THE UK Government has said it is asking schools across the UK to celebrate One Britain One Nation (OBON) Day on Friday, despite education being devolved.

The Department for Education wrote online that it is encouraging schools across England, Wales, Northern Ireland and Scotland to participate in the event, which one parent told The National is “creepy” last month.

Schools in the City of Bradford Metropolitan District Council area signed up to celebrate the day, which one Scottish parent expressed their concerns over.

The celebrations involve school pupils dressing up in red, white and blue and singing their “anthem”, called One Britain One Dream, which ends with the repeating lines: “Strong Britain Great Nation”.

The OBON organisers also state they want to “re-appropriate” the Union flag, which children are encouraged to wave on the day.

READ MORE: ‘One Britain One Nation’ event at child's school sparks Scots parent's anger

The initiative was set up by former West Yorkshire Police inspector Kash Singh, with the aim of creating a “strong, fair, harmonious and proud British nation, celebrating patriotism and respect for all our people”.

The anonymous parent told The National: “History has shown that movements like that breed fanatics. For lack of a better word, its creepy.”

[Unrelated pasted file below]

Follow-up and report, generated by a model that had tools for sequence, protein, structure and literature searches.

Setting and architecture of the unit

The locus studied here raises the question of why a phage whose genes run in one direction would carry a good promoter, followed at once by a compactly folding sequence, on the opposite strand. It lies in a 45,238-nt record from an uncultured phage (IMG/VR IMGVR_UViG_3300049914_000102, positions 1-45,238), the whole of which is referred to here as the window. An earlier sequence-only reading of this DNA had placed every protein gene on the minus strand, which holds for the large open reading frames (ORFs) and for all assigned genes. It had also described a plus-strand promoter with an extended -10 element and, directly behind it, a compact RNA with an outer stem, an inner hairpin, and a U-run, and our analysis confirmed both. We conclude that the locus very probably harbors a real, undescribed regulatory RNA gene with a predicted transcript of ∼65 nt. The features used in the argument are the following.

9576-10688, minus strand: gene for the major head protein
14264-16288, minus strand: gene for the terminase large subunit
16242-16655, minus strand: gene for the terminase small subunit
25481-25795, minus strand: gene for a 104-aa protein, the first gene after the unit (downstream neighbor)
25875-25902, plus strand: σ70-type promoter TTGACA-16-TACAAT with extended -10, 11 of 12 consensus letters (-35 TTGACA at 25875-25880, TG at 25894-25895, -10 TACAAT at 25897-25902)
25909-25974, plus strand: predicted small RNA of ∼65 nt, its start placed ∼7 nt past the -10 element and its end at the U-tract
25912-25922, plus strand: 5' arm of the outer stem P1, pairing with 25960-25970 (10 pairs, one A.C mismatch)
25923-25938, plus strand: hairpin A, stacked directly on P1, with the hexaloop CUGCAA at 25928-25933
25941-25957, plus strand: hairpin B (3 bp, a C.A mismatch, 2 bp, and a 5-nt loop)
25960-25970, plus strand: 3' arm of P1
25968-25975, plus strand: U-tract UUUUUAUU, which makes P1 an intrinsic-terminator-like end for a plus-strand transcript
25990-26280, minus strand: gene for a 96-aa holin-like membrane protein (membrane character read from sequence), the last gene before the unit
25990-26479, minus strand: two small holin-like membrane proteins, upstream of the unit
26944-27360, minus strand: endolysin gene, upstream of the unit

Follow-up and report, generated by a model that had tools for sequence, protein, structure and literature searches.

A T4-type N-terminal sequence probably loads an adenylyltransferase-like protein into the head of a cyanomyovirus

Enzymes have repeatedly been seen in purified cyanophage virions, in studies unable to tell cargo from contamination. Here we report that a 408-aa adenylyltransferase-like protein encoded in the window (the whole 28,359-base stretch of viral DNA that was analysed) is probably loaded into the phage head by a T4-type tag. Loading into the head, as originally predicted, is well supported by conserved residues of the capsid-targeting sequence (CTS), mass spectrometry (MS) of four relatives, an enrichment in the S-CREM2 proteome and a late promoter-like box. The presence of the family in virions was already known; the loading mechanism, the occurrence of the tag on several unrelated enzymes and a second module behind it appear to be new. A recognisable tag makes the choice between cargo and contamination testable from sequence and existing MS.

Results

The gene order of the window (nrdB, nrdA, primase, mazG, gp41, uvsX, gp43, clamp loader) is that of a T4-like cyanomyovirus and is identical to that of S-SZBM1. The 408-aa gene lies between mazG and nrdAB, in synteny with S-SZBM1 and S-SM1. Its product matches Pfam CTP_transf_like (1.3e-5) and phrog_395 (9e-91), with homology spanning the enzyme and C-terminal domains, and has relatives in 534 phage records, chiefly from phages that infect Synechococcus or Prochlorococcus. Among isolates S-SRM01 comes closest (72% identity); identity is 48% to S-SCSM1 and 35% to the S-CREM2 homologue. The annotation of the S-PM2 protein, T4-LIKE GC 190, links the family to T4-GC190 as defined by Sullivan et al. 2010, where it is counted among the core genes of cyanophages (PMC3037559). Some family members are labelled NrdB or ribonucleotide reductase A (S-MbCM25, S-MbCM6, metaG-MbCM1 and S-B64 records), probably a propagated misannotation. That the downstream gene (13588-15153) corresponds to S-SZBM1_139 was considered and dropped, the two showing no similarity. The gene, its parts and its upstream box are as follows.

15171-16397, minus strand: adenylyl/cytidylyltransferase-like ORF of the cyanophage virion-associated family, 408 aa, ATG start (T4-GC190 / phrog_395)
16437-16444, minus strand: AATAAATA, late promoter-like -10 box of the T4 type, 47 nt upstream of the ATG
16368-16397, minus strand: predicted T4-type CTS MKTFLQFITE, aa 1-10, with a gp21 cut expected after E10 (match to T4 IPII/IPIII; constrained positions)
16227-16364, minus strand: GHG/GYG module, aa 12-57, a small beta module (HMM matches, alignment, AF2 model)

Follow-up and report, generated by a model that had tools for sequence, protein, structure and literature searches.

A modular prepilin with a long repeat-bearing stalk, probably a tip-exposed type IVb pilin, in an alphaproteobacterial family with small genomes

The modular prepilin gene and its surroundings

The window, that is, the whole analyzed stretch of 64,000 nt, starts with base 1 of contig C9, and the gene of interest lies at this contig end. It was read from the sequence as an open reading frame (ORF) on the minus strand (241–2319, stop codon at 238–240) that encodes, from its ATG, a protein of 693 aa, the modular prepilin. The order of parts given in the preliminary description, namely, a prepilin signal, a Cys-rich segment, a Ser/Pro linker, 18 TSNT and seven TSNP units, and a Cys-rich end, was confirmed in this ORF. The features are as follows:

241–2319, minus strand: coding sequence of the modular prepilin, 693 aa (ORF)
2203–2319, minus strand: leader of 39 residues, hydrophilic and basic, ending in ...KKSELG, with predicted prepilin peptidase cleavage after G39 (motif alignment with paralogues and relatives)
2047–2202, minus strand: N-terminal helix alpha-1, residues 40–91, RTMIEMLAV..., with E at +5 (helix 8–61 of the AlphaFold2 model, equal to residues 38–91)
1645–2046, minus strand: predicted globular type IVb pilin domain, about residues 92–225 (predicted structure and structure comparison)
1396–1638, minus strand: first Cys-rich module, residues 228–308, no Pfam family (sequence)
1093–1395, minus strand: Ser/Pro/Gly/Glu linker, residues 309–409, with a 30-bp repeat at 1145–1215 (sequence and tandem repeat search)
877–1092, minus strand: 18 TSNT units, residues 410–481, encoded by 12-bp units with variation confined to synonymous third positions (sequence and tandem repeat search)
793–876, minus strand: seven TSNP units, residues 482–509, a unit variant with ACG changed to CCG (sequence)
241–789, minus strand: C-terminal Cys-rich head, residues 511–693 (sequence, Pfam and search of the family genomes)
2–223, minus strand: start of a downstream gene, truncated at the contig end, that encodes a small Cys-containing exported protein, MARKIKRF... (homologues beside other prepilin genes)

Yesterday in the Commons, Education Secretary Gavin Williamson called OBON “an amazing project”, adding it is “so incredibly important that schools do take part in it”.

“We’ve already asked schools to be able to participate in this and we are very happy from the dispatch box to reiterate that endorsement of this project and encourage them to play their part in it.”

And on social media, the Department for Education wrote: “We're encouraging schools across the UK to celebrate One Britain One Nation Day on 25 June, when children can learn about our shared values of tolerance, kindness, pride and respect.”

Most schools in Scotland will close for the summer holidays on June 24.

READ MORE: 'One Britain One Nation' group branded 'creepy' by parent as outrage erupts

OBON say it “wants to create a spirit of inclusion with a collective purpose and a common future where we all seek to eliminate, hatred, intolerance and discrimination of any kind”.

A spokesperson told The National the organisation wants the public to recognise “we are all one people with a role to play in the life of our nation where everyone must feel happy, safe and valued”.